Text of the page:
CDNs are great, but shared asset CDNs like
https://cdn.jsdelivr.net/bootstrap.css can, surprisingly, be quite a bit slower than hosting that
bootstrap.css file on your own domain.
When a browser requests a page on your site, it first makes a DNS/SSL connection to your domain. On your fast broadband connection, that could take around 150ms. On a slower connection with more latency, that could take more like 500ms.
But then here's what happens if you use a shared CDN to serve something like jQuery: the browser has to make a brand new DNS/SSL connection to
cdn.jsdelivr.net, or whichever other shared CDN you're using. And here's what that looks like, using a WebPageTest waterfall chart:
That thin bar before jQuery starts downloading is the browser making a DNS/SSL connection to
ajax.googleapis.com, and on this test run (on a fast 3G connection), that setup took a little over half a second.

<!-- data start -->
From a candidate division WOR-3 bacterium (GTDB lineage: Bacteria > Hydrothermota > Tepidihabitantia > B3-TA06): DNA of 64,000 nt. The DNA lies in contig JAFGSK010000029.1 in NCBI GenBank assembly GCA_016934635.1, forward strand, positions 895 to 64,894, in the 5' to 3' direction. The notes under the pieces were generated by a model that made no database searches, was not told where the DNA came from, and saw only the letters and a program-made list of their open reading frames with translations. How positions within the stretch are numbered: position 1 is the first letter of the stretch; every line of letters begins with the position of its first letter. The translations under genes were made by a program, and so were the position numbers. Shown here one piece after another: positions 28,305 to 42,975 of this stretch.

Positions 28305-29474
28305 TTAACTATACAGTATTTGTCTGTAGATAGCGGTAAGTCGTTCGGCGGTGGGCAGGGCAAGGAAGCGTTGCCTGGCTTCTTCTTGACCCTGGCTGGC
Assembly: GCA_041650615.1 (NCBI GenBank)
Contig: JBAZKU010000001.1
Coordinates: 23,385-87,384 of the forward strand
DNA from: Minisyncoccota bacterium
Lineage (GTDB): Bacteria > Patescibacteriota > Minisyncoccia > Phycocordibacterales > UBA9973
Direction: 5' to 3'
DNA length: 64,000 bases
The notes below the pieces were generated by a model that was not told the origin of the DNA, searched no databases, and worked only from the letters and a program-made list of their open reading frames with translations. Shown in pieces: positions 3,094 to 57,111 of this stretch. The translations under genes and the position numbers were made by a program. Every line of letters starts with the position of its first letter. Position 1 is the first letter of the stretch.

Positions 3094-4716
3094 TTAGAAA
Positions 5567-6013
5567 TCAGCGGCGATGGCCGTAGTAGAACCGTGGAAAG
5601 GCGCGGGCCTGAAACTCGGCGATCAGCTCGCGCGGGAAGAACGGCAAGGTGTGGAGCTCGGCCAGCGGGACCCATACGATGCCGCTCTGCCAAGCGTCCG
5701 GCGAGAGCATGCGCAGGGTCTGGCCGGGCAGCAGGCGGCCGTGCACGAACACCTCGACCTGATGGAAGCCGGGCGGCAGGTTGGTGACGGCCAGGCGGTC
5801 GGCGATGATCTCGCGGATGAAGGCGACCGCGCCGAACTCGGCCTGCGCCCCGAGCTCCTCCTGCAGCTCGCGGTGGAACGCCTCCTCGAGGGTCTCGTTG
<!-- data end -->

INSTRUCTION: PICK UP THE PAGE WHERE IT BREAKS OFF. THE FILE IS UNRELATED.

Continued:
But it's possible to avoid the setup cost by self-hosting that jQuery file instead, as you'll get to reuse the connection the browser has already made to your domain. Here's a video showing the difference between loading jQuery from Google's CDN, vs self-hosting that file (again, tested on a fast 3G connection):
Self-hosting jQuery led to rendering starting 367ms earlier, Largest Contentful Paint improving by 281ms, and the above-the-fold being visually complete more than a second sooner.
But doesn't self-hosting lose the caching benefit of a shared CDN?
For years we've been told that shared CDNs like this benefit the user because of caching. If a visitor lands on your page that loads jQuery from Google's CDN, and they've already visited another site that uses that same shared CDN to serve that same version of jQuery, then it'll already be in their cache and the browser won't have to download it again.
Except, that doesn't happen anymore.
Chrome introduced cache partitioning last year for privacy reasons, which means that - in the situation above - jQuery would be downloaded again, even if a visitor had a version of it in their cache.
And cache partitioning seems to have been in place in Safari from as early as 2013.
So if you're using a shared CDN to serve a static asset that's not going to change - something like
jquery.js, you'll likely find some performance gains from self-hosting that file instead.